The Mudcat Café TM
Thread #77728 Message #1389390
Posted By: Stilly River Sage
26-Jan-05 - 04:01 PM
Thread Name: What is wrong with being a purist?
Subject: RE: What is wrong with being a purist?
Interesting that I would address these remarks to someone named "John." That was my father's name also, and he was in many ways a purist. I think this softened over the years, but alas, I wasn't living in the same state and wasn't there to hear the programs he attended or performed at as his interests expanded.
Growing up with a purist meant that some types of music were not appreciated so weren't openly listened to in the house, and biases were established in we children that we didn't understand were biases until our worlds broadened with contact with school friends and we had our own radios. Dad was fond of classical music, as am I. I pride myself still on being able to play a pretty darned good game of "drop the needle." We listened most to classical radio stations at home. His other passion was folk music, as you describe for yourself. His specialties were English, Irish, Scottish, and Early American songs and ballads. He liked to hear the many versions, and I wonder if at times he was searching for the Ur-version of some songs. I also appreciate that folk music, and having grown up around a father who was learning the music and the words, I have lots of those words still rattling around in my head.
But the "purist" stance wasn't always comfortable to live around and I suspect it wasn't an easy one to wear, as your defensive query to start this thread implies. And I say this even as I recognize that when I go out to hear performers, and they mix their songs between traditional and their own compositions, that I'm usually biased toward the traditional songs. I want to hear what their versions of old songs sound like. It's the way I was exposed to music. Somehow if an author is recognizable it isn't "authentic."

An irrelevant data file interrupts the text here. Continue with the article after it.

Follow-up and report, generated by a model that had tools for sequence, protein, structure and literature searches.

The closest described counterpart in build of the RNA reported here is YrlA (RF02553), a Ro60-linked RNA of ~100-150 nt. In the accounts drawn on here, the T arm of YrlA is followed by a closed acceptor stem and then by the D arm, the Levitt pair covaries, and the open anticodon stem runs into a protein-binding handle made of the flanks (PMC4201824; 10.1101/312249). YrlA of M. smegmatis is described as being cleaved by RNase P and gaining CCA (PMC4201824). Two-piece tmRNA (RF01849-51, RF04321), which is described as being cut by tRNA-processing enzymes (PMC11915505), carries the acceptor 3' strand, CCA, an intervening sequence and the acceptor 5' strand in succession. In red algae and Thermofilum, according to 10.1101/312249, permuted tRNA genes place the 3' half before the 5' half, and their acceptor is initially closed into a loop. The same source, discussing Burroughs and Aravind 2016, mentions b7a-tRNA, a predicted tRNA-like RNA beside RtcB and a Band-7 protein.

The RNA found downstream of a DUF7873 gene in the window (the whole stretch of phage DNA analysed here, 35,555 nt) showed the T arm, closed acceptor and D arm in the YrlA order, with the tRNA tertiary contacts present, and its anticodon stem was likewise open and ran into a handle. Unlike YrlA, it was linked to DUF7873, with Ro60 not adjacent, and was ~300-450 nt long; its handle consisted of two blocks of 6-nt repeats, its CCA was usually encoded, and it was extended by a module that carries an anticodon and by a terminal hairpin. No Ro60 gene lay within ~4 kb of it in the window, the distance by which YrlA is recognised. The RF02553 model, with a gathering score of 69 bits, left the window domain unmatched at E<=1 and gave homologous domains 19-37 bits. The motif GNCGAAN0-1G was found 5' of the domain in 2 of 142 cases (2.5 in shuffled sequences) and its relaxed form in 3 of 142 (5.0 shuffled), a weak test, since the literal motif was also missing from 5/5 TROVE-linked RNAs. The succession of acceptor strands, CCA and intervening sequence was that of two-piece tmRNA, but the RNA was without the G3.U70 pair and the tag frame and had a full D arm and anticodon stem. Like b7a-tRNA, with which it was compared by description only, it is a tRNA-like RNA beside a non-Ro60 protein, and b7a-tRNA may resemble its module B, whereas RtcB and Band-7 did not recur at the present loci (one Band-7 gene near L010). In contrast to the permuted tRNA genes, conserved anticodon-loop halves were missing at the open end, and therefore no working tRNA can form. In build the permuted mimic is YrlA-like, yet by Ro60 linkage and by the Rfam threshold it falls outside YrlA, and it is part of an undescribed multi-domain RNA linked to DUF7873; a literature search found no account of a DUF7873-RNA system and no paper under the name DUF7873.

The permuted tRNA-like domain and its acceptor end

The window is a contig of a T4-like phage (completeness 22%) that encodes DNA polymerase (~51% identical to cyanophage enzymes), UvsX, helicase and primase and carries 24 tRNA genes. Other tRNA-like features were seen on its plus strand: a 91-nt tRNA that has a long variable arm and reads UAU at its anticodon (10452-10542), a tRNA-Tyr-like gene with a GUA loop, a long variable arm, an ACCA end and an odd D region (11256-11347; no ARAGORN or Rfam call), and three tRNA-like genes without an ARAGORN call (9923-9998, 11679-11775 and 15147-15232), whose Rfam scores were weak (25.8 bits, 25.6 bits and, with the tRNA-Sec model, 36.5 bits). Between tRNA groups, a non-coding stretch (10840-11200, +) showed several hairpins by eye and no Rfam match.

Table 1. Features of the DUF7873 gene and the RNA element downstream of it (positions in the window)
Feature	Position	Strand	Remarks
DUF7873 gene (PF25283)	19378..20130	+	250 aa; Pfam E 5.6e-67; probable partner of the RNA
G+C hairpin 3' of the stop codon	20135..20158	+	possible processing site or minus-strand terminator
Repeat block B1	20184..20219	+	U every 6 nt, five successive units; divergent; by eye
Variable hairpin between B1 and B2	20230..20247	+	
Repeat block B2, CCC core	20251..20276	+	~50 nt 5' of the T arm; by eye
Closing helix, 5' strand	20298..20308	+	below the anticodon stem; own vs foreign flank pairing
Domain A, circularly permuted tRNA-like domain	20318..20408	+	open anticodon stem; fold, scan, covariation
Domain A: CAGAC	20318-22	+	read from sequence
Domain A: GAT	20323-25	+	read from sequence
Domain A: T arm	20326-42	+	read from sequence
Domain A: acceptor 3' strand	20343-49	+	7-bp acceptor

This attitude isn't logical, it's just what managed to get hardwired, and it is a struggle to examine it in light of day, then push aside, where I believe it belongs.
If you don't listen to new music, you miss the transmission of so much information. I was never great for knowing who performed what songs I liked on the radio, and I still don't keep good track of that. But I recognise the tunes and words I like. Maybe it's that anonymity of folk music that means I don't pay attention to who wrote songs. Anyway, what I hear now in modern songs on the radio are so many expressions of the humanity of performers that my children are listening to. I also hear lots of references back to the older music, even as far back as anonymous traditional music. The accretion of the human condition's reflection in music is important to note. And if you're stuck in one era, you'll miss it.
I have compartments, moods if you will. Some days I feel like listening to a type of music, and will turn on the radio and go through my pre-sets to find something that sounds good. Sometimes it's new stations, others it is what my kids programmed into the radio. Other times I pull out tapes or albums and listen to those. And the kids enjoy those when they are played. So if I can raise children who understand different types of music and have an appreciation for them all, then I'll have been successful. I have preferences, and they grew up with classical music on their radios in the bedroom at night. But I don't touch their radio dials any more at bedtime. I don't want them to have to "get over" the purist tendencies that I learned as a child. While the ability to focus sharply on a given area in which you choose to study is good, I don't think it's useful to apply to life and music all of the time.
I hope this helps. I'm giving only a brief sketch of what it was like to live with my Dad as a small child, and friends of his may have different views entirely, formed at different times during his career as a researcher and performer. So while I don't want to usurp your thread, I'd be interested in any addition to my remarks. They'd be best shared over at his thread: John Dwyer - Songs and Stories.